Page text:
Throughout the last few years, artists like Drake, Post Malone, PartyNextDoor, Lil Yachty, Future, Rich Homie Quan, Fetty Wap and Young Thug as well as producers like Metro Boomin, 40 and FKi demonstrated that turn-up music does not necessarily have to have an aggressive tone for it to be “lit.” Emotional lyrics, R&B melodies, hazy instrumentals and additional post-rap techniques can be assimilated to trap music to give the music more depth without diminishing its "turnt" factor.
Thanks to the Internet, trap music is no longer confined within Atlanta's crime-infested zones. In 2016, trap can be made by anybody regardless of who they are and what they've been through. Several of today’s most prominent trap songs are made by international artists, namely Seoul’s Keith Ape, Jakarta’s Rich Chigga, Tokyo’s MADEINTYO and others. UK Grime’s gained recognition in North America in the last few years and celebrated MCs like Skepta and Stormzy have embodied elements of trap into their production and rapping styles. However, to this day, Atlanta remains as the breeding grounds to some of rap’s currently most popular trap stars, such as Future, Young Thug, Migos, Lil Yachty and 21 Savage.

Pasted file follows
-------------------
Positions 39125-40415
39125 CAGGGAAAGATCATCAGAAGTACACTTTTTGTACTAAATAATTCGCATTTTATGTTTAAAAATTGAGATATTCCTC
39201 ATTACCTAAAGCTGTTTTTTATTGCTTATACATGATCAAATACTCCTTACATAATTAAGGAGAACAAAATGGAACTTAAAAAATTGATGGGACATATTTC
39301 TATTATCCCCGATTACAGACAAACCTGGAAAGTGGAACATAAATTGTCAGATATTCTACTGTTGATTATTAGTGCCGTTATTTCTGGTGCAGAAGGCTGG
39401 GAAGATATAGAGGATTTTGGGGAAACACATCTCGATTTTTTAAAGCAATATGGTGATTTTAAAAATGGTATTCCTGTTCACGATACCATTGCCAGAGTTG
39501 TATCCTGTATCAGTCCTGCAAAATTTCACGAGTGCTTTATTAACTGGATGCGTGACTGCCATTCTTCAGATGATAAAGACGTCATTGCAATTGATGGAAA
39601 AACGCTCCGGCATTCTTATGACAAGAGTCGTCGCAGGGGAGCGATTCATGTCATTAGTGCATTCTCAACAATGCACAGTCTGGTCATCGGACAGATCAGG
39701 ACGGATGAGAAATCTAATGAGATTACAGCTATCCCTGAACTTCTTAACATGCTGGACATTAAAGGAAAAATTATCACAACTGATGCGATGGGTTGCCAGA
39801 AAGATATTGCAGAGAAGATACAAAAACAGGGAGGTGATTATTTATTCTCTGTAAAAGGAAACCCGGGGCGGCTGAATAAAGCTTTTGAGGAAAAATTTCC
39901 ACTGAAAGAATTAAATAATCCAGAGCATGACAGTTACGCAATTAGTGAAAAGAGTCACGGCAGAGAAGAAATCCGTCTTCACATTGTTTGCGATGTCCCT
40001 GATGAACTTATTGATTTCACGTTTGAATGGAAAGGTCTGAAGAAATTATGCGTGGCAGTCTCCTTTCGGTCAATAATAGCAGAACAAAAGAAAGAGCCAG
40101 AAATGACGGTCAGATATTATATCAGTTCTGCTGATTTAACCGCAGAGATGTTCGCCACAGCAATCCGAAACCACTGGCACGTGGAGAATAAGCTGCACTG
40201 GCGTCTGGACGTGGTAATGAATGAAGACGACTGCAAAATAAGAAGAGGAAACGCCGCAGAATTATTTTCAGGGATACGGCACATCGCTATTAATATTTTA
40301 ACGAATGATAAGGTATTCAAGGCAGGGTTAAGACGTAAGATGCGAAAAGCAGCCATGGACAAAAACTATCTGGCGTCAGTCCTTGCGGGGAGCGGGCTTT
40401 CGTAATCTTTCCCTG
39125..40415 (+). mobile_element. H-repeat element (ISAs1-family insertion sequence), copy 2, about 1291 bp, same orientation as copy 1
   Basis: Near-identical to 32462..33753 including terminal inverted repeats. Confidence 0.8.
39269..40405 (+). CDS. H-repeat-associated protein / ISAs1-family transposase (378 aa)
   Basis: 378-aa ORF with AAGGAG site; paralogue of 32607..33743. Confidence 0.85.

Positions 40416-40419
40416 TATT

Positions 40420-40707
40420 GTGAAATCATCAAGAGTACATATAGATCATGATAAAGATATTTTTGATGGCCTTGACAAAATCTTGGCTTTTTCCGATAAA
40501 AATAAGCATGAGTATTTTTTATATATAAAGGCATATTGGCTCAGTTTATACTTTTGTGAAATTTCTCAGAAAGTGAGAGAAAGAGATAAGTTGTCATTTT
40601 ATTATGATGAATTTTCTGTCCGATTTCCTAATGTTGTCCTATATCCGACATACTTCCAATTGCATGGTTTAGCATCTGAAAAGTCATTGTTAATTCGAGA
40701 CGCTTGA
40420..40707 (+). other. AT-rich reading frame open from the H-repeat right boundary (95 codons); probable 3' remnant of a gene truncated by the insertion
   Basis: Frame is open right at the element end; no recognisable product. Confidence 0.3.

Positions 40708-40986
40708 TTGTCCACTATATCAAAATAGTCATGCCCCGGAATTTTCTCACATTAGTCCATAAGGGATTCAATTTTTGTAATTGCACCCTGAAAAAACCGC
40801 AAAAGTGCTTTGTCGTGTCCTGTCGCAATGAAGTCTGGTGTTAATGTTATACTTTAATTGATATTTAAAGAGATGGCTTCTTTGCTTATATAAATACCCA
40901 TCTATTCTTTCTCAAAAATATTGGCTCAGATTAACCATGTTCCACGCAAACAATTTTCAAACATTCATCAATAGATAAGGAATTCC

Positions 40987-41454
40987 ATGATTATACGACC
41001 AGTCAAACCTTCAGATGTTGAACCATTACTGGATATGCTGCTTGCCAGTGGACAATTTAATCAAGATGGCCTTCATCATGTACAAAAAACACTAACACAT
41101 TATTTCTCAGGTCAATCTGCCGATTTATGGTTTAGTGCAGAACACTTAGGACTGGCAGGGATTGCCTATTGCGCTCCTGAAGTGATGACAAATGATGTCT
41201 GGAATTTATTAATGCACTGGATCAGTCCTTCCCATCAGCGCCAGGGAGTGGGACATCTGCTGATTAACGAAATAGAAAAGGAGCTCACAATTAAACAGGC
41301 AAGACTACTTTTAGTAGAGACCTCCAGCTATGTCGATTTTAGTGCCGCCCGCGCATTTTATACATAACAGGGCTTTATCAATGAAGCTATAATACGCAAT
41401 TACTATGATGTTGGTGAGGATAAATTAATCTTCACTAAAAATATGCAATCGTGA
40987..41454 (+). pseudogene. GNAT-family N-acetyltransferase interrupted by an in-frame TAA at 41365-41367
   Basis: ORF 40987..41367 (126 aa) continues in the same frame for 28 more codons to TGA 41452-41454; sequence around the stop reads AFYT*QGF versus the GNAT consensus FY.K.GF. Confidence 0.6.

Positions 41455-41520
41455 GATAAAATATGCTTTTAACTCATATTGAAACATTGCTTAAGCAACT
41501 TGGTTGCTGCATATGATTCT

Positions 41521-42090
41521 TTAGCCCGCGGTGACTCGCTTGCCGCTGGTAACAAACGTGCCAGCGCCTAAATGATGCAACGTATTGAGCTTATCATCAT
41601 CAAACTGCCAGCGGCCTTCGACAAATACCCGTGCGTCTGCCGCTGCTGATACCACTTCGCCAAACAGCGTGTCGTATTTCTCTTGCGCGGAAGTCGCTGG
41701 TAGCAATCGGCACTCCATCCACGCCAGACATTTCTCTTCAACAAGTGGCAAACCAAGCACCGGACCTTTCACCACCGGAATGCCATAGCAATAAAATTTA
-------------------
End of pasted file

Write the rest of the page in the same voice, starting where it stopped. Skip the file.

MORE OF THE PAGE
Non-hip hop artists like Beyonce, Lady Gaga, Miley Cyrus and Katy Perry have amalgamated characteristics of trap music into their records. Trap became it’s own sub-genre in the electronic dance music world. At first, it was seen only as a trend that succeeded the short-lived reemergence of dubstep and moombahton, and was projected to eventually fade. Nonetheless, it’s been nearly half a decade since the conception of EDM trap and today, the style remains increasingly fashionable. Trap music has also found fame internationally, especially in South Korea; many K-pop artists and bands integrate elements of trap in their music.
Hyphy music also made a third-wave return in the 2010s, and this time, southern California has taken part in the comeback. Popular artists and producers that brought hyphy back include YG, Ty Dolla $ign, Sage the Gemini, IAMSU!, Kamaiyah, Vince Staples, DJ Mustard, P-Lo and more.